Yesterday I put a collegue under a bit more pressure mostly because I needed her to realize the value of everyone in the team.
I talked first with her, then with other people to shed some light onto this issue. Then at the end of the day I noticed that she was keeping some distance when talking.
I’m not the smartest in the room, but my empathy works really well.
I knew she was a little upset, and although I didn’t put her under bad light, I knew she needed to understand the reasoning to not make confusions on why I did this.
So the next day I explained to her my reasoning and what was causing the issue. I already told her the problems, but I wanted to clear up what was the goal and why it was important.
She told me she didn’t have any issue and she was fine even yesterday.
But I’m sure she was not.
And here’s the thing: We have been accustomed to hiding rage or let rage explode.
Confrontation, trying to discuss a difficult topic, is another thing.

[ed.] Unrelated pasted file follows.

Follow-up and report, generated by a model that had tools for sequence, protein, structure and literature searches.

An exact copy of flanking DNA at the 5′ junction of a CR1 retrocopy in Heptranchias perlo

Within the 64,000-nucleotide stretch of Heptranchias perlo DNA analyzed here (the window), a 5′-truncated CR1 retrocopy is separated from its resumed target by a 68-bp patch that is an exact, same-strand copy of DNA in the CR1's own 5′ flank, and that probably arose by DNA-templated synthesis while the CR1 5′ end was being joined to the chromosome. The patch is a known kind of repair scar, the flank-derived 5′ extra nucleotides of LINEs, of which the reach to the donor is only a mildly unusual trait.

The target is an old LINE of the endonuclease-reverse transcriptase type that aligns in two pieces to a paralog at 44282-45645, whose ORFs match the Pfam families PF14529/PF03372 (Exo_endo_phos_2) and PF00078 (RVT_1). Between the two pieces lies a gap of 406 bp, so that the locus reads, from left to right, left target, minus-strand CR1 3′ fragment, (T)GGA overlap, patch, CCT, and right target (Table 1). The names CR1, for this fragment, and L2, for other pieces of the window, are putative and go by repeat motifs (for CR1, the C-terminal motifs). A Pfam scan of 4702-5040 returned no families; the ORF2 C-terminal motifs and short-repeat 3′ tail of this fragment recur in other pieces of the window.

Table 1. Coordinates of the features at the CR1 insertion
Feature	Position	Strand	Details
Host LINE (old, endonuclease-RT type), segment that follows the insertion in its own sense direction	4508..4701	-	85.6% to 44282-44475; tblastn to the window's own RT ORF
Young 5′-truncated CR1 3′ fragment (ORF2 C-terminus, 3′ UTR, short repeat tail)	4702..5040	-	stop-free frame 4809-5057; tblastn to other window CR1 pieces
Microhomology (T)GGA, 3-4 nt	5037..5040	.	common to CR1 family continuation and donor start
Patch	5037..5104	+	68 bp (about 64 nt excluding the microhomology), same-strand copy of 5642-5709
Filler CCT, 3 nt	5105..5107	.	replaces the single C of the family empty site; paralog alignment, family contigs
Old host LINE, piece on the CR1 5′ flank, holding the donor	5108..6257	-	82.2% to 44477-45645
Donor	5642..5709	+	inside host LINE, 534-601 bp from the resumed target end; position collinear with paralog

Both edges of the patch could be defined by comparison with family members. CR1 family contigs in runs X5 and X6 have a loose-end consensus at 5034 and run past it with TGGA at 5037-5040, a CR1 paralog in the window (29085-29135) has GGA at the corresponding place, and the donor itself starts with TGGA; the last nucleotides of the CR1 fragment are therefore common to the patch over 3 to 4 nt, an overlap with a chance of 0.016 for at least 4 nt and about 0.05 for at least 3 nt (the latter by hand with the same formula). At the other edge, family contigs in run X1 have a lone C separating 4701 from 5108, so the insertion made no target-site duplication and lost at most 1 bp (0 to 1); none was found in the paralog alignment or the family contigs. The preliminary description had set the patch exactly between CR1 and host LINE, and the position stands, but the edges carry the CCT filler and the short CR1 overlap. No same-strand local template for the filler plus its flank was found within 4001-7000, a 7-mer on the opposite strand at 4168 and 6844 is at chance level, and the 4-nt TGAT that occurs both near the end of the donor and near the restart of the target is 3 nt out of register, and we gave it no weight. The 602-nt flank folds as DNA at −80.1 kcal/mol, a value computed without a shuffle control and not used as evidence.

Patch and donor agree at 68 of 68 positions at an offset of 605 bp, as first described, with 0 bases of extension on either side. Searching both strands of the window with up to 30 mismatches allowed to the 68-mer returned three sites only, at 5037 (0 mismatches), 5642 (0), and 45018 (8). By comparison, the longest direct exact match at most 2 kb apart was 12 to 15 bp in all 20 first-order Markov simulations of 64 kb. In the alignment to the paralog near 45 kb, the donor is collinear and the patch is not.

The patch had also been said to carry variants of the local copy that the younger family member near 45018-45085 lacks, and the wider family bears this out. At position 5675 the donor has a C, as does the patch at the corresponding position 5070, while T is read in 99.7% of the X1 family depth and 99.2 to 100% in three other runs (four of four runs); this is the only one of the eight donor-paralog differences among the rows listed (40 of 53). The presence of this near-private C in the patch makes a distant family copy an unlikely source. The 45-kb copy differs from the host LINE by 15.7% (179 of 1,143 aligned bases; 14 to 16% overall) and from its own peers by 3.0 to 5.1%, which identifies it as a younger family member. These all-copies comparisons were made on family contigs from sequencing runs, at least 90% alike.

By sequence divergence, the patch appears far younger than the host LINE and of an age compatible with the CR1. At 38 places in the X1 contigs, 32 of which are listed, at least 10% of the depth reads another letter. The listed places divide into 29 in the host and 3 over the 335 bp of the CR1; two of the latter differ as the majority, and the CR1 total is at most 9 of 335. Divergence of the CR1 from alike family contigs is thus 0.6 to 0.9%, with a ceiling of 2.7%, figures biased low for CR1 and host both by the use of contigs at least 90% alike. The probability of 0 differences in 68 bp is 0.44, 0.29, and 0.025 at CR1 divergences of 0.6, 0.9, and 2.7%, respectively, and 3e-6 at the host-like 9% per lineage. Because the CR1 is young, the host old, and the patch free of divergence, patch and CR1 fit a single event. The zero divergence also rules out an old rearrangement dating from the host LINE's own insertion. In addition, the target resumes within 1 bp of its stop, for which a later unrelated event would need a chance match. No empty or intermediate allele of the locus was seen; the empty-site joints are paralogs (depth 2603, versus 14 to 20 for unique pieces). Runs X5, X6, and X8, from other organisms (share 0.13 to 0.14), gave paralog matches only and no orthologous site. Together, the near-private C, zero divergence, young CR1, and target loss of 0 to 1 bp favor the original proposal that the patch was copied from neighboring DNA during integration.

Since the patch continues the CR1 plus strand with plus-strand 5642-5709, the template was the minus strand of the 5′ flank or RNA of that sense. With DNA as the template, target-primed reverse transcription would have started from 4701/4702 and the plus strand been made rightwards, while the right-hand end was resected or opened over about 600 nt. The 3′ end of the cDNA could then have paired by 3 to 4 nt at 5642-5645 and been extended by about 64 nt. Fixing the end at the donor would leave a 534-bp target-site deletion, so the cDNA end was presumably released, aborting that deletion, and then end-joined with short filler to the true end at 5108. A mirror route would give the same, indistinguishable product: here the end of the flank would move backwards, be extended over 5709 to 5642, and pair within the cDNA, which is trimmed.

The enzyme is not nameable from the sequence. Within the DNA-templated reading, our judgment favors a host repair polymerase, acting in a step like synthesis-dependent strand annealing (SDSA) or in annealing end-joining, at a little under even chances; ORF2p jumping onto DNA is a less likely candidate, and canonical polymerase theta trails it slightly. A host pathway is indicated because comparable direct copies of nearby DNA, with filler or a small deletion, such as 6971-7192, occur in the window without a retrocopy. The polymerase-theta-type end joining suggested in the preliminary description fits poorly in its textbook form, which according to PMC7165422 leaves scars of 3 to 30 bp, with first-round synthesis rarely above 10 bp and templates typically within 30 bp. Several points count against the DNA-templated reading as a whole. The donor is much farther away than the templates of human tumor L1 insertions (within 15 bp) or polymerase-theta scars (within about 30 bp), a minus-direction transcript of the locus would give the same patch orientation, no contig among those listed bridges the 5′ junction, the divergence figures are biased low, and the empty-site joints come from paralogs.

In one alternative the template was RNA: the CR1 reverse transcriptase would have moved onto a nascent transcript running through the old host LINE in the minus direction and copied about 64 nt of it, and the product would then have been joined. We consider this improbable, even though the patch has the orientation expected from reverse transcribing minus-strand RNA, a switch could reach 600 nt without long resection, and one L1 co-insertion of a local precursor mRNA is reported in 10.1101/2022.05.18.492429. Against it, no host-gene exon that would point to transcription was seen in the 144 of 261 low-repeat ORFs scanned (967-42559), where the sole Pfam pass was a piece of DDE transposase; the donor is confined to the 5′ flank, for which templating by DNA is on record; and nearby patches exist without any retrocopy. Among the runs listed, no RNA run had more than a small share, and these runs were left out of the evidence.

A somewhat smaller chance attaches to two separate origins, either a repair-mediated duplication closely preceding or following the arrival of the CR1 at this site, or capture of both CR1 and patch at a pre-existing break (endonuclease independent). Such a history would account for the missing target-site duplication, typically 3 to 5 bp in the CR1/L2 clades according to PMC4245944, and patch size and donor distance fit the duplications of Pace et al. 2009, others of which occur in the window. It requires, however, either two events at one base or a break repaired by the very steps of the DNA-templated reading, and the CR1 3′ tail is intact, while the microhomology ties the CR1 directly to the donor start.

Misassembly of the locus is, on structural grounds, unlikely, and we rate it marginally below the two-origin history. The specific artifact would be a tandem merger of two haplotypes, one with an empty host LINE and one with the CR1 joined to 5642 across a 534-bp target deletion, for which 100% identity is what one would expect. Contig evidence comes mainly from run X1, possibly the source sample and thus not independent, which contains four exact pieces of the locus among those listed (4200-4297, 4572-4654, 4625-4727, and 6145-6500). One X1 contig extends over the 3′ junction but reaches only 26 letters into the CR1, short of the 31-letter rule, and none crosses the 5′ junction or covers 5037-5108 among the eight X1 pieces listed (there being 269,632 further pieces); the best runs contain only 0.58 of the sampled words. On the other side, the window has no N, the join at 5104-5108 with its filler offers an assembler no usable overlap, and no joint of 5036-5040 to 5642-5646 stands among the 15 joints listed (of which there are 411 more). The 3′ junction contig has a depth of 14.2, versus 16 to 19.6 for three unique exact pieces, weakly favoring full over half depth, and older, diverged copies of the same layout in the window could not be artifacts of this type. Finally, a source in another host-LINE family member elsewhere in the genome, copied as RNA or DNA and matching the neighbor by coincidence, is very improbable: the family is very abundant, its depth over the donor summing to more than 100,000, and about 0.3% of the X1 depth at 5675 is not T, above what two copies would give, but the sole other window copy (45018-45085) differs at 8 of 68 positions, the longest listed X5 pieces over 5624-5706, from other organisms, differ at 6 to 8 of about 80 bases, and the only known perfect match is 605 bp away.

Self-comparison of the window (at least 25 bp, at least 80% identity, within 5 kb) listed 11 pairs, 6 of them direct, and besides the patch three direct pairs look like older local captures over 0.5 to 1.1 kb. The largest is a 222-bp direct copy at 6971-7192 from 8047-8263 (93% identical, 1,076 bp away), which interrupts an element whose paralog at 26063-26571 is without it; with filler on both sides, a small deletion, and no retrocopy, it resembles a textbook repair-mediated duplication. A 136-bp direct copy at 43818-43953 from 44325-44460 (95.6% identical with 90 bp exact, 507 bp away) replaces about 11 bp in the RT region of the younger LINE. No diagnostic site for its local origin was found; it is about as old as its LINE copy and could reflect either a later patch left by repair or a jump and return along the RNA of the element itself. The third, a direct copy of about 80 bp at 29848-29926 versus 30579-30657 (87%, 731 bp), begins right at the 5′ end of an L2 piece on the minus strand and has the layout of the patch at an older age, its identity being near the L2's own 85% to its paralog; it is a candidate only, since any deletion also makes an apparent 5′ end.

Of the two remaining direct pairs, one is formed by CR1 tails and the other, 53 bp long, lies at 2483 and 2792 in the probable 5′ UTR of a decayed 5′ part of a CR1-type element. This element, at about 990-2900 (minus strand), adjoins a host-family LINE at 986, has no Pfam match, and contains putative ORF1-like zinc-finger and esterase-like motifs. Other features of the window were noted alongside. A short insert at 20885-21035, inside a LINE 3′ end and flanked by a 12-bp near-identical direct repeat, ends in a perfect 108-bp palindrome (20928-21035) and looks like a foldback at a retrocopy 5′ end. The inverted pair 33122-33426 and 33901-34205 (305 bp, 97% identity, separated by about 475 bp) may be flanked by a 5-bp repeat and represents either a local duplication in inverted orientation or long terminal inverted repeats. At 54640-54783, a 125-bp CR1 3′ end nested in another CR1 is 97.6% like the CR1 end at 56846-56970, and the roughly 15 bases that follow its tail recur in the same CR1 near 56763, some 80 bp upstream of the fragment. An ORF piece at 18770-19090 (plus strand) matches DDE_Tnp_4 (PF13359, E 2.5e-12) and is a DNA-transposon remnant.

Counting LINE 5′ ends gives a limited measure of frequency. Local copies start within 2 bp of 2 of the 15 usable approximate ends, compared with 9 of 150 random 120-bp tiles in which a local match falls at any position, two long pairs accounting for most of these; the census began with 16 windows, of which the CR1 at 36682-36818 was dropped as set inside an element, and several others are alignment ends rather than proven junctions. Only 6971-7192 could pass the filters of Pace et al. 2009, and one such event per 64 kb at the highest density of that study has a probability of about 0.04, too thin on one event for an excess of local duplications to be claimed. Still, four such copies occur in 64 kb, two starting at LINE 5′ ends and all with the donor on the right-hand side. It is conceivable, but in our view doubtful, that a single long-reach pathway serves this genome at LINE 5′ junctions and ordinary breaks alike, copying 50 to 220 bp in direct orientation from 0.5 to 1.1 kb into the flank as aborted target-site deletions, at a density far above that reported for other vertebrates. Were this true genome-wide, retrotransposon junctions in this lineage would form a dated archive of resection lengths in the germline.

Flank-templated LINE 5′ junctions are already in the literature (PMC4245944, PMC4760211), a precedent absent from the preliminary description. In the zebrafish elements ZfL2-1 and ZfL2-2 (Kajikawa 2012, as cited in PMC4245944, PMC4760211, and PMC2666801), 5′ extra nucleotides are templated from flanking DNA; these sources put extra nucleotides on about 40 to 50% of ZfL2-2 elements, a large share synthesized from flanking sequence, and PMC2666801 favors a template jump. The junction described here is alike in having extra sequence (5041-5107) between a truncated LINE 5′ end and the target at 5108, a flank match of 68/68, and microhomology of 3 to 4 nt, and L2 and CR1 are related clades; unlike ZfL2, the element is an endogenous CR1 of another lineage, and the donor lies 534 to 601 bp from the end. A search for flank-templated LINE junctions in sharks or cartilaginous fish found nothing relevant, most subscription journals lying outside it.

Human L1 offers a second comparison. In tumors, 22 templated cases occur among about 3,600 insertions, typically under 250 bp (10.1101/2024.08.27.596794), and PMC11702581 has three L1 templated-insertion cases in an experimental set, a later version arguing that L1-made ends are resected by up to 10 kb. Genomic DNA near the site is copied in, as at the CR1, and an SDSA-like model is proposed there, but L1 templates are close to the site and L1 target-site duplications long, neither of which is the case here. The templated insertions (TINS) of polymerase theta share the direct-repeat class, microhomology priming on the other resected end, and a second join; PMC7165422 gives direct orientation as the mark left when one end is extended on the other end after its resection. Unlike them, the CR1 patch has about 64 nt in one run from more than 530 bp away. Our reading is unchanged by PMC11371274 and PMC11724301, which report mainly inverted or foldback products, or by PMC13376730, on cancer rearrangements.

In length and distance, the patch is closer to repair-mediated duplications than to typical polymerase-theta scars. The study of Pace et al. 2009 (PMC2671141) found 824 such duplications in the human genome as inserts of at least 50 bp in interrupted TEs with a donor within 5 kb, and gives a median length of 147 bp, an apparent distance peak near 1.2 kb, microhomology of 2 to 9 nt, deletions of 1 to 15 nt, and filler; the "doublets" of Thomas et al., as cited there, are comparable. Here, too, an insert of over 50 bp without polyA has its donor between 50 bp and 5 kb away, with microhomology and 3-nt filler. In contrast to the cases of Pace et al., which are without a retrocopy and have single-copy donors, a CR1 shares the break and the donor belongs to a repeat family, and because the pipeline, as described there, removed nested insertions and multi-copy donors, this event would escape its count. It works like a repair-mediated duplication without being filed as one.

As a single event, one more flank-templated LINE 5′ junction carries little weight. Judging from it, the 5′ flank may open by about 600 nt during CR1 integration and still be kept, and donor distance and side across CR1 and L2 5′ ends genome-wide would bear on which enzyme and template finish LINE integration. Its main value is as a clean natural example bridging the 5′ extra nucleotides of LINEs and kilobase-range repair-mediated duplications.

It takes courage, it’s the long road. Confrontation is not easy, and it’s hard for both parties, but in the end it’s the best way.
I’m sure she was upset about something, but she didn’t told me. I’m sure my behaviour was not 100% but I didn’t get any information about it.
This way there’s no possibility for me to correct, and here it lies the main issue with “keeping it for yourself”.
Talking about problems might be difficult and requires lot of self control to avoid abusing and being abused by the rage, but in the end it allows all the people to grow, if they want to.
Not telling it intestead it’s one of the easiest way to hide and run from the battle.